Make Zero Waste Reusable Cotton Pads from Recycled Towels!

Zero Waste Reusable Cotton Pads tutorial by thisblogisnotoforyou.comZero Waste Reusable Cotton Pads tutorial by thisblogisnotoforyou.comZero Waste Reusable Cotton Pads tutorial by thisblogisnotoforyou.comZero Waste Reusable Cotton Pads tutorial by thisblogisnotoforyou.com

Reducing waste with ecoconscious DIYs

I can’t tell you how excited I am about this little Sunday morning project! I’ve been trying to incorporate more and more Zero Waste strategies in our daily routine and be more conscious about waste reduction in my shopping decisions. Talking to my friend the other day, I told her that I’d heard about washable cotton pads and whether that wasn’t a bit too out-there to try. She laughed and said she just bought some on Amazon the other day and loved them. I loved the simplicity of the idea but was shocked how much money a bunch of terrycloth cotton pads cost online.

This is why I made my own recycling an old white towel. This was so simple and easy, it’s absolutely mind-blowing. I never thought of this before seeing the ready-made ones in shops. And you know what? You can make your own, too! Here’s how simple it is:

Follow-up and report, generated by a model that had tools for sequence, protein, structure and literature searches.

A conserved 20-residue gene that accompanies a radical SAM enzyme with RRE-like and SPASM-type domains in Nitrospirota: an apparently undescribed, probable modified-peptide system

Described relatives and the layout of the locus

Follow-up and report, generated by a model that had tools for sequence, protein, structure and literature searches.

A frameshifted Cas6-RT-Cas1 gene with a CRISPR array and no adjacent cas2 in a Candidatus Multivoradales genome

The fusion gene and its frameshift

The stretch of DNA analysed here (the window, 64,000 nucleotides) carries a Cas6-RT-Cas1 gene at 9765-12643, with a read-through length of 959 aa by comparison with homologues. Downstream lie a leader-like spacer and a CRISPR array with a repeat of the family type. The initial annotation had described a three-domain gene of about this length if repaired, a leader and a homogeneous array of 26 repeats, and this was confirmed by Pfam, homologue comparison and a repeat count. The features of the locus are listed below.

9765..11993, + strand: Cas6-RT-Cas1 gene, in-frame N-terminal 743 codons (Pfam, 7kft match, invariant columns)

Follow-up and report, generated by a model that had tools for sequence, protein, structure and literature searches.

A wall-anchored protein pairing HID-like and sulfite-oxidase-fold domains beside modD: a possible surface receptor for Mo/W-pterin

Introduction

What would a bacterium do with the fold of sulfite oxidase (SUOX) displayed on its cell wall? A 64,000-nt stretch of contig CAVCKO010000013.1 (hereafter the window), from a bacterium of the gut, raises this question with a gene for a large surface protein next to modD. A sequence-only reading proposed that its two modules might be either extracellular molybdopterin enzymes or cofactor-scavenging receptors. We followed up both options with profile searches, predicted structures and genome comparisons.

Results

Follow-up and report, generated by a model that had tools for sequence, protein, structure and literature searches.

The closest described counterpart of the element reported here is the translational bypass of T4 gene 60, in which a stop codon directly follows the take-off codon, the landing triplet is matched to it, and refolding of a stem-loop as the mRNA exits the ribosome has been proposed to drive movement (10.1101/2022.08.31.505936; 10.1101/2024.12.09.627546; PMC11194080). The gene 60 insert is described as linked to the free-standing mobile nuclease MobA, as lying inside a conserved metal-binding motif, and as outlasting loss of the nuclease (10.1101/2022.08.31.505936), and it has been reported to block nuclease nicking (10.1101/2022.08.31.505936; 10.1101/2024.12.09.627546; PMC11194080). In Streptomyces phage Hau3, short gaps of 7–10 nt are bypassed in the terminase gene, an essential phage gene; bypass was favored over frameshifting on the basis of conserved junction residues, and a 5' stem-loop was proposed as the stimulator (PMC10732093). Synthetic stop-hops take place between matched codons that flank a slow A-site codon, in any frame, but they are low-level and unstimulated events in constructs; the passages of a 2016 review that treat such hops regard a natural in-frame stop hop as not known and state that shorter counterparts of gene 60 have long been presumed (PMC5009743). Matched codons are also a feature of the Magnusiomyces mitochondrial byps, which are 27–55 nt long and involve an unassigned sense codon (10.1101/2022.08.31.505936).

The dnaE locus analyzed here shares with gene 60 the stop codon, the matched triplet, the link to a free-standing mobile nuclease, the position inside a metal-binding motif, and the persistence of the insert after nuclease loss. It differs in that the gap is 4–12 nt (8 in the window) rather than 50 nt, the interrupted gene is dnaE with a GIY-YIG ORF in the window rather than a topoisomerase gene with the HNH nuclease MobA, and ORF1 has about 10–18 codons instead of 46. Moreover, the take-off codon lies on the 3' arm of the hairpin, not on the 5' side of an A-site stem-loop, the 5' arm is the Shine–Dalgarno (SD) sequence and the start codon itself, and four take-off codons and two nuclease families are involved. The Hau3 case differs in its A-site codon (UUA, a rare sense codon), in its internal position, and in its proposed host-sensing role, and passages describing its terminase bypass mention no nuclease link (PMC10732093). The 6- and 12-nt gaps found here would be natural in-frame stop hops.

Materials: old towel or wash cloth, organza bag, scissors, overlocker & thread (or zigzag stitch)
Duration: 5 Minutes
Costs: Zero
Benefits: no waste, no more costs, recycling old materials

Zero Waste Reusable Cotton Pads tutorial by thisblogisnotoforyou.com

Instructions

As you can see, you need just very few materials for this project. By the way, if you do not have an overlocker, you can also use a simple zigzag stitch on your machine to keep the fabric from fraying. It’s a bit slower, but works just as well.

First, I cut off the woven edges of my towel. This is really optional. If you’re feeling a bit lazy and don’t mind looks too much, you can keep them and save yourself some overlocking time of those edges. The fastest way to do the overlocking is by cutting long strips of your towel and overlock these before cutting them into smaller rectangles. Finish all four sides and you’re done! It’s that easy.

Zero Waste Reusable Cotton Pads tutorial by thisblogisnotoforyou.comZero Waste Reusable Cotton Pads tutorial by thisblogisnotoforyou.comZero Waste Reusable Cotton Pads tutorial by thisblogisnotoforyou.com